Water now usable for personal uses, not safe for consumption

Edward Leonard

Ames’s water is now safe to use for showering and other personal uses, but is still not safe to drink.

The city of Ames held a follow-up news conference this evening concerning the nature of public utilities and their restoration to usable conditions in the community.

The city identified two large water main breaks and four smaller breaks in the water system. All of these leaks were closed off, and no more leaks are thought to be present.

The Ames Fire Department has acquired three water tankers as a portable water supply to avoid using hydrants. More tankers are on standby in nearby communities in the event of an emergency.

All emergency services in the community still are operational.

The ISU and Ames emergency services are increasing fire and rescue patrols in high risk areas around the community, and the number of on-duty firefighters was increased.

There will be five bottled water distribution sites stationed throughout Ames. Locations for these will be posted on the city of Ames website. Citizens are asked to limit themselves to 2 gallons of bottled water per person per day.

Water is now available for personal hygiene and toilet use. Tap water is still thought to be unsafe to drink. Citizens are encouraged to conserve water as much as possible by taking shorter showers and turning off automatic sprinkler systems. This will restore pressure to the piping system and allow for a quicker flush of all contaminants. These restrictions do not apply to Xenia water customers.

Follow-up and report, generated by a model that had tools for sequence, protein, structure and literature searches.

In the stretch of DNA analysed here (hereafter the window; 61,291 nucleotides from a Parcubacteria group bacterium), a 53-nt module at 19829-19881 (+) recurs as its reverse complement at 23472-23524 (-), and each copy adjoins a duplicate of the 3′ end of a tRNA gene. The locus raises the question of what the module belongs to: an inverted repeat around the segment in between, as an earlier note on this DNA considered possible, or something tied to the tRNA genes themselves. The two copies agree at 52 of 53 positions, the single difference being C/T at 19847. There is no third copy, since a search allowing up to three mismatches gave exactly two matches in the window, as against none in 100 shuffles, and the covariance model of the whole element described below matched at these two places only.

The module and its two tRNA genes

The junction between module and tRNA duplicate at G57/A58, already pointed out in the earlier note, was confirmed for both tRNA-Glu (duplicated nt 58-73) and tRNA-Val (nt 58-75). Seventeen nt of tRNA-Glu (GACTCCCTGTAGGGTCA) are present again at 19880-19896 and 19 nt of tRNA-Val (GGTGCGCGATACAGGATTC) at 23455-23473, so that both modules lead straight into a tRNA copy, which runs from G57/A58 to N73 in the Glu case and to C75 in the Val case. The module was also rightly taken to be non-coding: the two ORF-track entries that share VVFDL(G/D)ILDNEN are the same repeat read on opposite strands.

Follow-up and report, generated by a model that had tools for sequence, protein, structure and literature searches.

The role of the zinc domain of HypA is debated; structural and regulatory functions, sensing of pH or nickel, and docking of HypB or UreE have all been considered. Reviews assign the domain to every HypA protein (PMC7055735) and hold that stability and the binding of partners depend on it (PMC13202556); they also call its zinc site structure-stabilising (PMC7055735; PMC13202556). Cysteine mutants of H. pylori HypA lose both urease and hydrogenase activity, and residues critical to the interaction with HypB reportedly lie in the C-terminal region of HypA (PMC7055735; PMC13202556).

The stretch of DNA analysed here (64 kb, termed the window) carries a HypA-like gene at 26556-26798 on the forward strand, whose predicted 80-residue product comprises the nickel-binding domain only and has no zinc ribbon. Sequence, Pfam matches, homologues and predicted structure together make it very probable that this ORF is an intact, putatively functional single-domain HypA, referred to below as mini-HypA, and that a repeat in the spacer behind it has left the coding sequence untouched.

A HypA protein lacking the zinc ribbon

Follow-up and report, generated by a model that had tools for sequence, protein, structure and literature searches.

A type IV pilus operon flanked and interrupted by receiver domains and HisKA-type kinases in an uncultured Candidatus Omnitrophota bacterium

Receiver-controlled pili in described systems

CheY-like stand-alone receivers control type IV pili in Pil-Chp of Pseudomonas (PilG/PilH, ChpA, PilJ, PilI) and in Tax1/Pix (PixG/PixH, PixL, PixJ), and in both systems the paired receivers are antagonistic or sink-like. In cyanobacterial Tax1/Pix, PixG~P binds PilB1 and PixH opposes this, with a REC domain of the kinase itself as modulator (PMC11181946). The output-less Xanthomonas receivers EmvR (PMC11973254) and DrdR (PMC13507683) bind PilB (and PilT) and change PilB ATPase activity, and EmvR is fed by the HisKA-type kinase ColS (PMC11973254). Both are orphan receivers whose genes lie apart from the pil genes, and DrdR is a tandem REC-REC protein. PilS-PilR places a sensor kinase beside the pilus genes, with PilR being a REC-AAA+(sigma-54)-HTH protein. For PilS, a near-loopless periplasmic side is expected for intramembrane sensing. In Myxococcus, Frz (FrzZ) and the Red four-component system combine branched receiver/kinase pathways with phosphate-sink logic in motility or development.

Fire hydrants will be opened around the city starting at 7:30 Thursday morning to begin flushing contaminants from the system. Water is estimated to be drinking-safe by Tuesday at the latest.

Power is still out to several hundred citizens due to flooding at unsafe levels around transformers. The transformers were turned off before they could be damaged by the water, and will be reactivated as soon as the water reaches a safe level and after a brief safety inspection. Safety crews are working 24 hours a day to expedite this process. No further power outages are expected.